Previous Features: Credit Crunch Hits Nottingham | Local Government Workers in Notts Join National Strike | Notts Workers Join National Strike | Nottingham City Council: Mired in Corruption | Library Staff Speak Out Against Uniforms and Management Bullying | Public service workers out to protect pensions
Construction workers at the site of a new gas fired power station at Staythorpe near Newark, Nottinghamshire have joined workers across the country in striking against the use of foreign contractors. The issue has been contentious for some time, with unemployed workers holding protests outside the site since November. The issue was reignited after workers at the Total oil refinery at Lindsey in Lincolnshire walked out over similar concerns.
On Monday, all 300 British workers at the site walked out for several hours. They returned to work on Tue 3rd Feb, but within an hour, around 60 staged an unofficial walkout in solidarity with others in the construction industry across the country. A ballot held amongst those who had walked out showed a majority in support of staying out on Wednesday, which they duly did. A protest also took place outside the London offices of contractor Alstom on Thursday 5th.
National Feature Victory for wildcat strikers
Newswire: Staythorpe Power Station Demonstration | Staythorpe walkout | Oil and Power strikes: News, Resources and analysis | Wildcat strikes in Newark | Today's wildcat strikes in the UK oil and now nuke business | Wildcat strikes - an open letter to the anarchist/anti-authoritarian movement
Staff members belonging to the University and College Union (UCU) at Nottingham Trent University (NTU) were on strike yesterday, in protest against the university's derecognition of their union and plans to cut facility time for union representatives. Derecognition is an extreme move by the university authorities and is seen by the strikers as an attack on their right to organise independently.
Over three-quarters (77%) of members voted for the strike, which is supported by the UCU nationally. The action follows a rally on 6th Oct attended by UCU members from across the country which challenged the university's vice-chancellor's address to new students.
Newswire: Workers on strike at Nottingham Trent University | Demo by University & College Union, derecognised at Nottingham Trent University | UCU members vote for industrial action at Nottingham Trent University | UCU to ballot on strike action at Nottingham Trent University
On Wednesday 16 and Thursday 17 July, local government workers in Unison and Unite took part in a 48 hour strike. The action was in response to the "final" 2.45% pay offer made by the employers (which, given the current rate of inflation, constitutes a real terms pay cut) and part of a wider struggle being waged against the public sector against what the government call "pay restraint."
In Nottinghamshire there were picket lines at various council offices and 82 schools were shut as caretakers, teaching assistants, admin staff and midday supervisors walked out. There was a march from the Forest Recreation ground to a rally in the Market Square on the first of the two days.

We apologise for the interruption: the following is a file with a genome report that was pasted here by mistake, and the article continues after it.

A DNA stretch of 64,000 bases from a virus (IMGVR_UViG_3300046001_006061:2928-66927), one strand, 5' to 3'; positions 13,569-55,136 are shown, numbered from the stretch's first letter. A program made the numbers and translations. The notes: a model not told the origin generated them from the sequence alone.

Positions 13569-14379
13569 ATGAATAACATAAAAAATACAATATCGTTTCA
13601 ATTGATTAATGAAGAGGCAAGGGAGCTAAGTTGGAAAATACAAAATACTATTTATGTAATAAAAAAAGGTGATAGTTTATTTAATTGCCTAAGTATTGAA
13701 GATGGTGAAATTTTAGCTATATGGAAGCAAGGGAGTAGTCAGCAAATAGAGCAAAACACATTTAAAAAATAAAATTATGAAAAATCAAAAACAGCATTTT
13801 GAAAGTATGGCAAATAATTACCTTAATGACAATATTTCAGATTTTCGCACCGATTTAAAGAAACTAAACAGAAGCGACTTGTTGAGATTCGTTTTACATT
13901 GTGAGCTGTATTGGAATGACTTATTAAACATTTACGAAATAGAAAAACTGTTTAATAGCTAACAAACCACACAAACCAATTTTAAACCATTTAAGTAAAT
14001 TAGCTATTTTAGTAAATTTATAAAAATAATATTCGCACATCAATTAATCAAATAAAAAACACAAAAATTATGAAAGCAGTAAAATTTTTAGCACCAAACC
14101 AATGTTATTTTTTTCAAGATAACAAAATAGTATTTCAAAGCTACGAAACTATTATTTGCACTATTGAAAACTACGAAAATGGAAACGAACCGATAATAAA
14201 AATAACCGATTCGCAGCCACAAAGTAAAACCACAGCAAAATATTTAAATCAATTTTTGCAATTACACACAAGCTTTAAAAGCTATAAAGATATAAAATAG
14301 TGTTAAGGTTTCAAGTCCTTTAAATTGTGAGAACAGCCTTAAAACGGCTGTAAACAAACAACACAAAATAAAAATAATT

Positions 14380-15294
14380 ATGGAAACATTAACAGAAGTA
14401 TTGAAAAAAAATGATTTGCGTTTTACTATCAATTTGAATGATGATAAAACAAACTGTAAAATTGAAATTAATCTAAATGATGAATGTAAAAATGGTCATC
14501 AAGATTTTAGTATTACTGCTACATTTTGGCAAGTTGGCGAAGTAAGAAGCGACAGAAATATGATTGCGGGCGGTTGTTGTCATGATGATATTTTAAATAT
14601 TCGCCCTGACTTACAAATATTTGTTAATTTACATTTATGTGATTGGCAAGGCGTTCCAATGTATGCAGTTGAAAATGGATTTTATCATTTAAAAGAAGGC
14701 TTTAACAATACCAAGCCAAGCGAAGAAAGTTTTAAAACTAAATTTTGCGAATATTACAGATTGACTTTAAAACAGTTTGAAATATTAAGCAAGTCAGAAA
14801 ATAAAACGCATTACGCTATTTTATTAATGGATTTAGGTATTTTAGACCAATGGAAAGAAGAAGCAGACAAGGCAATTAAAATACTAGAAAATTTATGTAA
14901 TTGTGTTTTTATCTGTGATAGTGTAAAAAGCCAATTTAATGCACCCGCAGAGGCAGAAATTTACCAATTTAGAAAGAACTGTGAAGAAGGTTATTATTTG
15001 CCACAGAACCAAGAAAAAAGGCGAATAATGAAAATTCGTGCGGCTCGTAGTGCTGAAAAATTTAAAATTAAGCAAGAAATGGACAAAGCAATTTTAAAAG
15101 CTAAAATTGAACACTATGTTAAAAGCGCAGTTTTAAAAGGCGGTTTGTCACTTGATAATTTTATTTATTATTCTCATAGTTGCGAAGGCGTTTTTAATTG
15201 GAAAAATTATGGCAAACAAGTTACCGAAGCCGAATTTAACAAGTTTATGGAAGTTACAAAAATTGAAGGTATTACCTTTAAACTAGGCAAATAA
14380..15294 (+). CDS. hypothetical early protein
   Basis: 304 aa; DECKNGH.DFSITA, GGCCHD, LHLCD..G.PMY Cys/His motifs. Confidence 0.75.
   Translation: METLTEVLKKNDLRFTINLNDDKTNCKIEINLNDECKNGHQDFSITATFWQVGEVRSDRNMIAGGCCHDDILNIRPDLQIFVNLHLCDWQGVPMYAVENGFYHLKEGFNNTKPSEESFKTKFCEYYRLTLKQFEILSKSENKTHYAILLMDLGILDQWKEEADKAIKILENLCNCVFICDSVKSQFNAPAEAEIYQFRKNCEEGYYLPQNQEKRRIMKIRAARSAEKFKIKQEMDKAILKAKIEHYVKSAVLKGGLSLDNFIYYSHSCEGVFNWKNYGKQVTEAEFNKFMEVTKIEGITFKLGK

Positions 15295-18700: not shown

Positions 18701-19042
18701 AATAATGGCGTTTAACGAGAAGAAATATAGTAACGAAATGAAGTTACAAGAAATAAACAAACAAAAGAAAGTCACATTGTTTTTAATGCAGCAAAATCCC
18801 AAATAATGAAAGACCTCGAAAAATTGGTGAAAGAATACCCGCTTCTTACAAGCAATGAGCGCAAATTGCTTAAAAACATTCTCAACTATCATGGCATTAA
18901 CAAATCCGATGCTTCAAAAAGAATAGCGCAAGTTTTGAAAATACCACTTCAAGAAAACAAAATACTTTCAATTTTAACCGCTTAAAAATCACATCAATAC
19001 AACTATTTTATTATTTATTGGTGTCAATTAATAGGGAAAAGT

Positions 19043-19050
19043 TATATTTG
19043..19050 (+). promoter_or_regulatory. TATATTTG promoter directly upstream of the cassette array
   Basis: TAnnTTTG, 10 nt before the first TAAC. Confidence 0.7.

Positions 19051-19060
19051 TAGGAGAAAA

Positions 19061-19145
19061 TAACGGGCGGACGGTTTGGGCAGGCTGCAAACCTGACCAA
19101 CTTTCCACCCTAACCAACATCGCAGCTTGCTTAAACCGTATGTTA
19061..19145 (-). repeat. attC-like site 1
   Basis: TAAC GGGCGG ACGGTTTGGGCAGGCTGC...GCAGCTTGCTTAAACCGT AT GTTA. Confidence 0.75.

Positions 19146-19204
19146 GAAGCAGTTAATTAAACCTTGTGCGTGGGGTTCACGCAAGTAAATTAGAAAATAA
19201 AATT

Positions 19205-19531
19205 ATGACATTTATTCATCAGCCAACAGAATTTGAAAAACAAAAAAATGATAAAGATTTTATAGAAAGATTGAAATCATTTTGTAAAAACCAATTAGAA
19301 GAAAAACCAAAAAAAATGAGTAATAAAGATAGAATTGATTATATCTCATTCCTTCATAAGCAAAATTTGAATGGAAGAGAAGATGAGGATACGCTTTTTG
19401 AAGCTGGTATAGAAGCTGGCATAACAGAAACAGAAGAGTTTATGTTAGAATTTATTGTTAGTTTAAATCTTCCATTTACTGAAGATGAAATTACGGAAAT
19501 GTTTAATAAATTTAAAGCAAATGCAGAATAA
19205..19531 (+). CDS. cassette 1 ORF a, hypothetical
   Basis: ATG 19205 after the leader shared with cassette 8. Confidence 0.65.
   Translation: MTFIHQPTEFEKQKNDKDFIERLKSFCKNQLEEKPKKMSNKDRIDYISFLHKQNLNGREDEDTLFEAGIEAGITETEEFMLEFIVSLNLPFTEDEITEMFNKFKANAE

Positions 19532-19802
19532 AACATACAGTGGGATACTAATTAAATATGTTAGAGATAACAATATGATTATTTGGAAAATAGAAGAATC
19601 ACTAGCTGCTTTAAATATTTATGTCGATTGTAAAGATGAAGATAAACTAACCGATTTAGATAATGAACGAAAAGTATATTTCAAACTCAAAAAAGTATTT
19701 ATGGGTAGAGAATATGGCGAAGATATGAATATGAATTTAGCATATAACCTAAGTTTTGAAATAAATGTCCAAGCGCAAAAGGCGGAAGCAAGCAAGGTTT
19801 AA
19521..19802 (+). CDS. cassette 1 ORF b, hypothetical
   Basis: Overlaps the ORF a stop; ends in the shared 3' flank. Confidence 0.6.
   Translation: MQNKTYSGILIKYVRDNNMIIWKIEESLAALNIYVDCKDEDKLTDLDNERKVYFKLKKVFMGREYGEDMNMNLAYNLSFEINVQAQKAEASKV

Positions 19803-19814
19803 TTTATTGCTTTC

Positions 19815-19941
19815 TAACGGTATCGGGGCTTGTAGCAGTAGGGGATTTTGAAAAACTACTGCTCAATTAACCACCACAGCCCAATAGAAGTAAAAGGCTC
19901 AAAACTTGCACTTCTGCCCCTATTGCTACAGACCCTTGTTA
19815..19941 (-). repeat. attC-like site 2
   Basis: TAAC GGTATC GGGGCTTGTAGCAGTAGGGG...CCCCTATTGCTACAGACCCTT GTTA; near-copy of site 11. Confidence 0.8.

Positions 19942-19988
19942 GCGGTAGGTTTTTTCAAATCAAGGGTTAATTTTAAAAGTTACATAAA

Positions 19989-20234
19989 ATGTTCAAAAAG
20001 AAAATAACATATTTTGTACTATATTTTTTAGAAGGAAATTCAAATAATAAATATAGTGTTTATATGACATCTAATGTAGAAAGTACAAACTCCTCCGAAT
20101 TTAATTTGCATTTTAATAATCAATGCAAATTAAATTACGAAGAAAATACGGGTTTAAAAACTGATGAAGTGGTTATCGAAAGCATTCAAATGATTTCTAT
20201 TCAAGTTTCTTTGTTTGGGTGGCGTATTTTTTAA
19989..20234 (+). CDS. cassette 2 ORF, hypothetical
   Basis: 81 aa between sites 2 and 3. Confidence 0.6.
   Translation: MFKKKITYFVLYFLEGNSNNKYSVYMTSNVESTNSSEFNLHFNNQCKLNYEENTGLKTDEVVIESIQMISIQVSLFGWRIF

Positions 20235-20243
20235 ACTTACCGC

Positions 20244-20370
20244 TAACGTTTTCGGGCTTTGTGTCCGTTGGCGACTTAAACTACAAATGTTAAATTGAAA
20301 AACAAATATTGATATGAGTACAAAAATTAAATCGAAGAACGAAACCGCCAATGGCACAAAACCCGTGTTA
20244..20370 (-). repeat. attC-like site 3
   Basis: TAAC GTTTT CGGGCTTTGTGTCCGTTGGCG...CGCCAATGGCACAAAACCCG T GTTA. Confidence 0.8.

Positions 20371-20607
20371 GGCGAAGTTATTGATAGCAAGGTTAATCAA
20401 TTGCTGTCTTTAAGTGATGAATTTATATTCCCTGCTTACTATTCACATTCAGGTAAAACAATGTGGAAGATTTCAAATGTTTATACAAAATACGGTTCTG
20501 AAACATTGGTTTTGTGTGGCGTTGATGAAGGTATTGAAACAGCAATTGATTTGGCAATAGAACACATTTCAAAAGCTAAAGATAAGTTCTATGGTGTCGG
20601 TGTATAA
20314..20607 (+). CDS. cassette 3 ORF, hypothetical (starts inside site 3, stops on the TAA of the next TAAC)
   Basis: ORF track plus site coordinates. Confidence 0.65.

Previous Feature: Notts Workers Join National Strike
National Feature: Local Government Workers Strike Over Pay
Mayday has been celebrated in one form or another for thousands of years. Pagans marked the day as the end of the hardships of winter. Following the struggle amongst American workers for the eight hour day and the murder by the US state of four anarchists involved in that struggle in 1886, the day has come to be marked as International Workers' Day.
In Nottingham this year, there were two Mayday events, both organised by the Mayday Organising Committee, an off-shoot of the Nottingham Refugee Campaign Group. As has happened for the past few years, there was a march and rally, starting and ending at the Brewhouse Yard on the Saturday May 3. The second event was a public meeting held on May 1 itself, addressed by local asylum seeker Amdani Juma and former Guantanamo Bay detainee Moazzam Begg.
On April 24, teachers, further education lecturers and civil servants took coordinated national strike action against the public sector pay freeze. The decision by the National Union of Teachers (NUT) to call the first national teachers' strike in twenty-one years, attracted the most interest, but they were also joined by the University and Colleges Union (UCU) and the Public and Commercial Services Union (PCS).
The strikes follow a central government directive to keep annual cost of living pay increases below 2% at a time when the Retail Price Index places inflation at over 4%, meaning in effect that public sector workers are expected to take a pay cut.
In Nottinghamshire, dozens of schools were closed by strike action, with many more partially closed. While their were few pickets of schools, there was a presence at a number of colleges and outside government offices in the city. A march from the Forest Recreation Ground to the Congregation Hall, Church Gate for a rally was well attended despite the inclement weather
Over a year ago, a rumour was doing the rounds in Nottingham libraries about the introduction of uniforms for library staff. The union reps looked into it and it was brushed aside as 'not going to happen for ages'. A couple of months ago they were surpised to hear that the uniforms would suddenly be introduced by March. No consultation, no advanced notice. So why does the council feel there is a need for uniformed staff in our libraries? And why does it threaten its own staff members with dismissal if they were to speak openly about these changes?
One library assistant did decide to speak out. Barbara, who's identity we cannot reveal, has worked in Nottingham's libraries for many years. She told Notts Indymedia in an interview about her anger over the decision by the City Council to introduce uniforms. In addition, she talked about the depletion of library service resources and the bully tactics employed by City Council managers to keep its staff in line.